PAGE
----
In your situation I would probably aim for -1.5D in both eyes, which gives best focus at 2/3m, or slightly over 2 feet. If you tend to hold things close up, you could even have -1.5D in one eye and -1.75D in the other, and the monovision would be so slight that you wouldn't notice the difference between the 2 eyes.
How much depth of focus you get is variable, depending on the degree of astigmatism and other optical aberrations. Another big factor is the lighting, so better lighting post op will give you better depth of focus.
High myopes also tend to have less predictable post-operative refractions. If a surgeon is unfamiliar with operating on long axial length eyes, they tend to give the patient hyperopic outcomes. Do ask your surgeon if they compensate in their calculations for people like you.
You could consider an accommodating lens like the Crystalens , where you might get a larger range of vision, since the major risk with those is simply that they don't accommodate. Unfortunately there are some added risks, such as Z-syndrome, but I think those may be mostly fixed in the most recent version, but I'm not positive since I hadn't researched it.
(I decided to instead go out of the country for a lens not FDA approved yet, which I assume most people won't do, so I'll just suggest looking at the threads on the Symfony if that is an option).
re: "I'm barely starting to get symptoms of presbyopia, so I don't fully understand what it's like to be focused at one point"
Fortunately you don't focus at *exactly* one distance, eyes with monofocals do have some "depth of focus" so they can see a bit in closer than the distance they are set for. (and not all monofocals are created equal, as I'll get to). How well you can see closer in depends on the depth of focus you have with a particular lens, which you'll have to search for. There studies for most lenses out there that indicate how your vision will vary depending on the distance. They show the information in what is called a defocus curve, which indicates for instance that you might see 20/20 at distance with a lens but then 20/40 at 40 centimeters. This article explains:
"Simply put, a defocus curve provides an indication of the level of vision a patient can expect at various distances, [...] For example testing distance acuity through a -2.00D lens is equivalent to testing the patient's vision with a chart at 50cm. "
The diopter measure in a defocus chart is an indication of distance, with 0D being at infinity, -1 diopter being 1 meter, and as that quote indicates -2D corresponds to 50cm. This page gives a chart of diopters versus distance, and gives the conversion formula:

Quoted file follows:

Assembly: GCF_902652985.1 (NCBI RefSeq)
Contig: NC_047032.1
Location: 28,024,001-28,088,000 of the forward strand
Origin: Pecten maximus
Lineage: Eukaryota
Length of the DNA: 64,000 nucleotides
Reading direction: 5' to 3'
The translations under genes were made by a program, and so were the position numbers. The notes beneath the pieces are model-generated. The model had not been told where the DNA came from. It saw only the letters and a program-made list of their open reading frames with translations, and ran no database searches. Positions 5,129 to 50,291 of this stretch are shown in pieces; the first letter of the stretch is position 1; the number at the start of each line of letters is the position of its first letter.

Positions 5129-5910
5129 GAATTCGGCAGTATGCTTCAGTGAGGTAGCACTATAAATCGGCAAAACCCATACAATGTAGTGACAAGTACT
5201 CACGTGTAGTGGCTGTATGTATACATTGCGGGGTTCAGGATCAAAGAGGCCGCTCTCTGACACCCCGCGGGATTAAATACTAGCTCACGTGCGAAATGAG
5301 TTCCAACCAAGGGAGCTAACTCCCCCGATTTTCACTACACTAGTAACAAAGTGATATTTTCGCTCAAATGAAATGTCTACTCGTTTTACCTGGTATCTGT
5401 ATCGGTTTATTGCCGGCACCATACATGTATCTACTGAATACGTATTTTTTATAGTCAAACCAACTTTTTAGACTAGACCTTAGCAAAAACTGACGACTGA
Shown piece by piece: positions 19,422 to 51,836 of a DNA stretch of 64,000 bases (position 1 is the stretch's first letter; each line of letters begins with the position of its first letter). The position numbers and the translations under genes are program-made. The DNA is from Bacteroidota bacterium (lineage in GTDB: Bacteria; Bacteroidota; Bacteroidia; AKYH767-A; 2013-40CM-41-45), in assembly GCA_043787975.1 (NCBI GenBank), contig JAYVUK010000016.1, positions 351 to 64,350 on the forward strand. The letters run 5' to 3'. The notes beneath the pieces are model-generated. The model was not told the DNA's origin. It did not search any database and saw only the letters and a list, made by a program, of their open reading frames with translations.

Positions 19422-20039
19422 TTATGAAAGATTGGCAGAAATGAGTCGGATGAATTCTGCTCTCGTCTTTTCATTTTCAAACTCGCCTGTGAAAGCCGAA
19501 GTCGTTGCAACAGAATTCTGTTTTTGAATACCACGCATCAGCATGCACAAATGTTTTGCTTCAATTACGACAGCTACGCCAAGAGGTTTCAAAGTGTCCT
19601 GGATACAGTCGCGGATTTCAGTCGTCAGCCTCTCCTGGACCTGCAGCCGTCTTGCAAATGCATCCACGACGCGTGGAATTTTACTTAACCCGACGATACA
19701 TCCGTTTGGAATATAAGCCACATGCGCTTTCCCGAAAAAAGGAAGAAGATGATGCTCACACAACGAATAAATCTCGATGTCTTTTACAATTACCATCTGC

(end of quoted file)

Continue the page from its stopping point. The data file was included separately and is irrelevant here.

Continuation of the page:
Unfortunately many charts refer to visual acuity in units of logMar instead of the 20/X units people are used to, but there are conversion charts on the net, as well as charts that give an indication of what print size you can read with a certain visual acuity (its surprising that most only requires 20/50 or 20/60 even).
Those defocus graphs usually assume people are going to be focused at infinity, but if you choose to be focused in closer you can just shift the chart. For instance consider the case of choosing to be focused at -1D (1 meter). If a curve says that at 0D you'd be 20/20 and at -3D (33.3 cm) you would be 20/40, then you can add -1 diopter to those. So instead of being 20/20 at infinity, you would be 20/20 at -1D (1 meter) and at -4D (25 cm) your vision would be 20/40.
There have been a number of studies on lesser amounts of monovision which don't impact binocular vision, steroacuity, much if at all. Apparently people that can't tolerate the usual difference between the eyes in full monovision have no trouble with this. . Its variously referred to as micro-monovision, mini-monovision, or "modest monovision" depending on the amount, which gives at least some more near vision. Unfortunately it is harder to predict the IOL power in high myopes so they may not succeed in pulling off a small difference like that, some surgeon bundle in laser enhancement with the surgery so you can get a touchup if they don't hit the mark.
The amount of "depth of focus" for a monofocal varies with the lens (and the amount of monovision, if any). There is for instance a new FDA-approved Hoya lens, the iSert 751 Gemetric, which apparently adds perhaps an extra 1 diopter compared to typical monofocals. It has been researched by Dr. Graham Barrett (if you see his name on something to do with an "extended depth of focus" lens then by default it appears to be that lens even if it doesn't give the brand&model). He has also studied "modest monovision" with it: